In the beginning of the years 2000, the okupying population was noteworthy but, contrary to what could have happened, this factor had a negative effect on the struggle against the urban plan. Many of those who came to okupy had no ties with Vallcarca and, with their arrival, a certain “pull factor” was produced, given that there was a relative permissiveness with okupations at that time. In summary, it was the period of dressing in black, vans, dogs and drugs; a disaster, let’s say. Something that finally accelerated even more the degradation of the neighbourhood and the expulsion of life-long inhabitants. Some of us thought that this process was part of a plan concocted and conceived by the city council, Bagsura (municipal urban management authority) and speculators, before which we didn’t know how to respond. Even so, at that time we created the Plataforma Vecinal [Neighbourhood Platform], where we brought together the more politicised and active okupiers with some neighbours, but in the end we were only 10% of the okupy population and 0.1% of the autochthonous. Despite trying to politically animate the area with different social centres and public activities, the results were few: in 10 years they continued to evict from the houses and tore down almost the whole neighbourhood, until today.
ALB – Were there other libertarian or autonomous collectives before Heura Negra [Black Ivy]? What signficance did social centres like the Blokes Fantasma and the Kasa de la Muntanya have for the neighbourhood? Were there other “mythical” okupations like these?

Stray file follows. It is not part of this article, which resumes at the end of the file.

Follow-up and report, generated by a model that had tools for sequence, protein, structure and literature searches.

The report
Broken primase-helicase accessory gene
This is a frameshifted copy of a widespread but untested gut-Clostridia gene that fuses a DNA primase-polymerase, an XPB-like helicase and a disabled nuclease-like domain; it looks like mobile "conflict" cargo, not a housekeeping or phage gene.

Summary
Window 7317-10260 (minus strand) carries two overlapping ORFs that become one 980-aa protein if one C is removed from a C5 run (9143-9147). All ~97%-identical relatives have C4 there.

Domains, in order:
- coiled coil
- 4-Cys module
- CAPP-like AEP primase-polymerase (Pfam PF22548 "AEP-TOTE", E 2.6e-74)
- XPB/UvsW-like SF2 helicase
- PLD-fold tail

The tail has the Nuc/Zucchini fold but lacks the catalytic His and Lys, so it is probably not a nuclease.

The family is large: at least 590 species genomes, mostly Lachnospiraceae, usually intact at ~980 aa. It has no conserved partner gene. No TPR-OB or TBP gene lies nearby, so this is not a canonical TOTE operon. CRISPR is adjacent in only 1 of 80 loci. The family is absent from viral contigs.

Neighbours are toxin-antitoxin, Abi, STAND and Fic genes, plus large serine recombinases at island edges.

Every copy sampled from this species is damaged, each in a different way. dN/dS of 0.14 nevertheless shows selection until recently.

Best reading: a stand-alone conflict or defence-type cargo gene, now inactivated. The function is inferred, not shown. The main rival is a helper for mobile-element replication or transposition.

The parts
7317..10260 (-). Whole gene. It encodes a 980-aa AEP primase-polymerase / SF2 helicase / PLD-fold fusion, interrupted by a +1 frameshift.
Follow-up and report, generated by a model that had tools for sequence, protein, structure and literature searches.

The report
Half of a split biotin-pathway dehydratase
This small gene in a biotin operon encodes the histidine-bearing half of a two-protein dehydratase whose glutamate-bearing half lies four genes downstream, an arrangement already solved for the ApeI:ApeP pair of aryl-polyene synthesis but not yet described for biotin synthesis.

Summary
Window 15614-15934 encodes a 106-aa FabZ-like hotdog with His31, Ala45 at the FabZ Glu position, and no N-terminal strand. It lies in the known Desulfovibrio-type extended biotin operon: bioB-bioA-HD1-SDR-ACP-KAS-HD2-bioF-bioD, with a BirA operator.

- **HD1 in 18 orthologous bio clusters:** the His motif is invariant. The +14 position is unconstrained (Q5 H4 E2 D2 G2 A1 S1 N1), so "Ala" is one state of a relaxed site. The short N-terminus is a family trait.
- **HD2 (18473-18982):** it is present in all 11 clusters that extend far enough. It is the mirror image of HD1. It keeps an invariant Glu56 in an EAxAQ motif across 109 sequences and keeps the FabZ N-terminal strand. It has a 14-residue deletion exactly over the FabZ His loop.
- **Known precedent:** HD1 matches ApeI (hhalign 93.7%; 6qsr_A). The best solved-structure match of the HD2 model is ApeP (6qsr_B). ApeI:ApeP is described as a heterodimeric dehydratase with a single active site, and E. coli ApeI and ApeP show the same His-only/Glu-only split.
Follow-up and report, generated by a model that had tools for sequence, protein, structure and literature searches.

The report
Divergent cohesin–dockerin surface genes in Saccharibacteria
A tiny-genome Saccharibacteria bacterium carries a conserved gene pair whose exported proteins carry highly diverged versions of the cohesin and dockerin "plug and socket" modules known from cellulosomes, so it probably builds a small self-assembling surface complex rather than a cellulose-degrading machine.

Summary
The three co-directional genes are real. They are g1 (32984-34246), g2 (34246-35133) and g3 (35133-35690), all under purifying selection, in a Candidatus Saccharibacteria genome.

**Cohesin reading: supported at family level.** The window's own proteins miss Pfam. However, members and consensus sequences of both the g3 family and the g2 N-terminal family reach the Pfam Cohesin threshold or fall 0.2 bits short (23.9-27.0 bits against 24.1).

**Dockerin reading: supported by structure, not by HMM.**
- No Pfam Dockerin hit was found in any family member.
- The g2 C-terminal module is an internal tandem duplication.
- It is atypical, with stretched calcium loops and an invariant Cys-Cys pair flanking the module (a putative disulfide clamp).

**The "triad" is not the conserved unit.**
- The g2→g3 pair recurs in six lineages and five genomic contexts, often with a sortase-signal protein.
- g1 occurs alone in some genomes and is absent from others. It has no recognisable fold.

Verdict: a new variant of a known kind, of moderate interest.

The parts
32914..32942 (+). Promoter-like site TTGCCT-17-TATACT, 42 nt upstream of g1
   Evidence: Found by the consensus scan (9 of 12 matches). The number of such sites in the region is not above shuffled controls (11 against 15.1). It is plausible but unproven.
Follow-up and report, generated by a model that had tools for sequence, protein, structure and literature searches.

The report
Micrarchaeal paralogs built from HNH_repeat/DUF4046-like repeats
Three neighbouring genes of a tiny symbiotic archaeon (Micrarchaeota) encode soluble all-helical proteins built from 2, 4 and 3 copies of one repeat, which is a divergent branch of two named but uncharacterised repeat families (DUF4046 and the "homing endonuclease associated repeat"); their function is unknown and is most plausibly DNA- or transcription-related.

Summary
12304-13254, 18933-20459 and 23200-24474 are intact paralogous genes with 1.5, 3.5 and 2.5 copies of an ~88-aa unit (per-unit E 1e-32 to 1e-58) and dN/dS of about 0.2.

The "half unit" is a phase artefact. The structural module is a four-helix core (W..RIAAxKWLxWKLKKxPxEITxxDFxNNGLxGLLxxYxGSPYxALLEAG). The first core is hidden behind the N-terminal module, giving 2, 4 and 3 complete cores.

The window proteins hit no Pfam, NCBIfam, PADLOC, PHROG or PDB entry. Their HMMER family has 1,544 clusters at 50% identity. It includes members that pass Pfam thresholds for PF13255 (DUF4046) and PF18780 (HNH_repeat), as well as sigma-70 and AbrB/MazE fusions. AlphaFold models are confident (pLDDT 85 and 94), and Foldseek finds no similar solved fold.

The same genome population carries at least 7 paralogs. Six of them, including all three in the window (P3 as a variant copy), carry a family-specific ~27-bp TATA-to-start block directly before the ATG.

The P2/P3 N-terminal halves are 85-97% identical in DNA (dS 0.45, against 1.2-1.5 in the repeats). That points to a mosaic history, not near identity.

As far as we know, since the transition we have not been aware of any libertarian or autonomous group centred in Vallcarca. Some of us knew first hand that in the mid-90s there where already some okupations, but these were above all by persons who were active in the okupy movement or in the Ateneu Llibertari de Gràcia. La Kasa de la Muntanya and Los Blokes were always places to ask for assistance and share resources, but they never implicated themselves with anything of Vallcarca at the level of the neighbourhood, beyond support for a few of the evicted.
ALB – How was Heura Negra born?
After the okupation movement failure of the period between 2000-2008 in the neighbourhood, Heura Negra was born in the year 2010, coinciding with the new cycle of struggles and the emergence of 15M. The original nucleus began with a few people, organised around a small affinity group that published a few things (Sota el Pont), engaged in graffiti, made posters, and organised neighbourhood information pickets during the general strikes. We believed it necessary to get out of the (ideological) closet and create a public libertarian space to attract part of the new wave of activists born of 15M, a movement with which we always sympathised and collaborated, but for which we did not predict a happy ending. Likewise, we hoped to re-group the old activists of the neighbourhood, to draw libertarian ideas from out of their marginal existence, to engage ourselves in an organised way in local struggles and to provide for ourselves mutual aid, among the members of the assembly.
ALB – In this sense, what has been the common activity of Heura Negra? What positions does it assume within anarchism?
The activities of Heura have changed since its birth 5 years ago due to the coming and going of many different people with many different interests. In fact, a number of years had to pass before it could could gain roots.